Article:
Matt Hancock, Minister for the Cabinet Office and Paymaster General, said:
We are going further than ever before to support British steel. Taxpayers spend billions of pounds buying steel for public projects. Last year we changed the rules across all central government procurement to ensure buyers take into account the true value of British steel – including local impact and jobs.
The industry is responding positively to this so I want to go further. Now we will apply this guidance across the public sector so that, from operating theatres to new buildings, public sector buyers will need to consider social and economic benefits, alongside value for money. When public bodies buy steel they must take account of the true value of buying British.
Business Secretary Sajid Javid said:
I am determined to make sure we do all we can to secure a sustainable future for UK steel and find a viable solution that supports the workers and wider community.
By changing the procurement rules on these major infrastructure projects we are backing the future of UK steel – opening up significant opportunities for UK suppliers and allowing them to compete more effectively with international companies.
Alun Cairns, Secretary of State for Wales, said:
As a government we have pledged to help the steel industry in any way we can.
Today’s announcement that the whole of the public sector now needs to consider the true value of British steel when placing orders is another step that builds on changes to procurement guidelines made last year.
It will open up new opportunities for our suppliers and help them to compete for contracts.
Examples of recent projects which have used UK steel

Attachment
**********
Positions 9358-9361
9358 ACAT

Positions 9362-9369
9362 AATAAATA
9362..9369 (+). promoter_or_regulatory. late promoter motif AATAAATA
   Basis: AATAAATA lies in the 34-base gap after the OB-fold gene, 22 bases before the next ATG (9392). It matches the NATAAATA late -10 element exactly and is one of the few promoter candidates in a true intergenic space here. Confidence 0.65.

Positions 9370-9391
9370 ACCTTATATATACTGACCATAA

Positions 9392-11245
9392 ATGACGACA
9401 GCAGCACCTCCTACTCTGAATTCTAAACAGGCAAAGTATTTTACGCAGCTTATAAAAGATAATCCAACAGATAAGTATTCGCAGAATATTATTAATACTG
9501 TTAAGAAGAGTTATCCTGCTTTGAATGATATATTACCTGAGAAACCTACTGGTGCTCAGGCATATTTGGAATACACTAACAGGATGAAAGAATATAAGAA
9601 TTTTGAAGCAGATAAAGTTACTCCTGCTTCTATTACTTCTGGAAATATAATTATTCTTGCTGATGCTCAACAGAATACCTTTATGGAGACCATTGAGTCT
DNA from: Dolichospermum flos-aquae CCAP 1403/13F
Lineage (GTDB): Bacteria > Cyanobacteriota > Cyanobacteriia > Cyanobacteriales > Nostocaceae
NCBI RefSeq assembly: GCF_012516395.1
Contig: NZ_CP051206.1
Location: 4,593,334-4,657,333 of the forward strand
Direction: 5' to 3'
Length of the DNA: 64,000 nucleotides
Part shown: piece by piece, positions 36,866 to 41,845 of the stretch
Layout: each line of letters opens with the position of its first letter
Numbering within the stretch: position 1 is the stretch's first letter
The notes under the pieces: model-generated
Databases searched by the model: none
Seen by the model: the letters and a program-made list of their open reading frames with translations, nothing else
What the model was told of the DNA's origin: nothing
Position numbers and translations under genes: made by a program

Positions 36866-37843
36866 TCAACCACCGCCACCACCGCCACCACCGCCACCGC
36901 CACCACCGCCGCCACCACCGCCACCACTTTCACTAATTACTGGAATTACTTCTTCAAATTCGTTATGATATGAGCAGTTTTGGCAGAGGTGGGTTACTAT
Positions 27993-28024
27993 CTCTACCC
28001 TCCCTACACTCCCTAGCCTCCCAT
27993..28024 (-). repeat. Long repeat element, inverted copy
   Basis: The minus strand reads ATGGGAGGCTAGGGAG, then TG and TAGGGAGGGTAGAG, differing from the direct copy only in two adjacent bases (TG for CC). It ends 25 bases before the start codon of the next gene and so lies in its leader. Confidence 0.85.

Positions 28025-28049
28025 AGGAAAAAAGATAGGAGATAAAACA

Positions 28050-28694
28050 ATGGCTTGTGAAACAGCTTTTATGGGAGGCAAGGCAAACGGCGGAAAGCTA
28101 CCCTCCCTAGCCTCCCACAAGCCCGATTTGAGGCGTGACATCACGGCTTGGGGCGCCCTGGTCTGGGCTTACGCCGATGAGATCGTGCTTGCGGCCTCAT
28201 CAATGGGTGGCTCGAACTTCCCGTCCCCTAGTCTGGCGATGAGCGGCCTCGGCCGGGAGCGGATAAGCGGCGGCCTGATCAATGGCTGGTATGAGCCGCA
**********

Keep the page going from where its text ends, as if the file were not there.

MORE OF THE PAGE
Network Rail buys approximately 120,000 tonnes of steel for rails per annum directly from Tata Steel in Scunthorpe, which is around 96% of Network Rail’s total aggregated demand by value.
Despite the changes in UK steel output over the last 5 years, Highways England and its predecessor have continued to invest heavily in UK steel.
During this period Highways England has used a category management framework as the main method of procuring steel gantries for the Strategic Road Network. To date about 95% of this steel has been drawn from Tata Steel in the UK, which equates to approximately 11,000 tonnes of steel. The approximate framework spend is £30 million, of which about 35% will be steel procurement ie raw materials, and will equate to around £10.5 million.
The 57km of steel required for the rails of Crossrail’s brand new central tunnel section is being sourced entirely from Tata Steel in Scunthorpe. This equates to 7,000 tonnes of steel. Crossrail Ltd. does not directly procure steel as this is undertaken by their tier 1 contractors and their supply chains. However, Crossrail keeps an oversight of its critical contracts and estimates that 85% of its supply chain providing steel to the project is UK based.
Intercity Express Programme
Finley Structures Limited, based in Newton Aycliffe, provided 2,000 tonnes of structural steel for the construction of the £82 million Hitachi Rail Vehicle Manufacturing Facility in County Durham. The steel came from numerous locations, including Corby, Redcar and Newport. The Hitachi facility will support the introduction of the transformational new fleet of InterCity Express trains.
Thames Tideway Tunnel
Steel structures are among the key requirements for the £4.2 billion project with high numbers of associated skilled construction workers.
MOD aircraft carriers
Tata Steel supplied 40,000 tonnes of steel for HMS Queen Elizabeth and developed 3 entirely new grades of lighter and stronger steel specifically for the future flagship of the Royal Navy. Tata Steel will also supply steel for the second carrier, HMS Prince of Wales.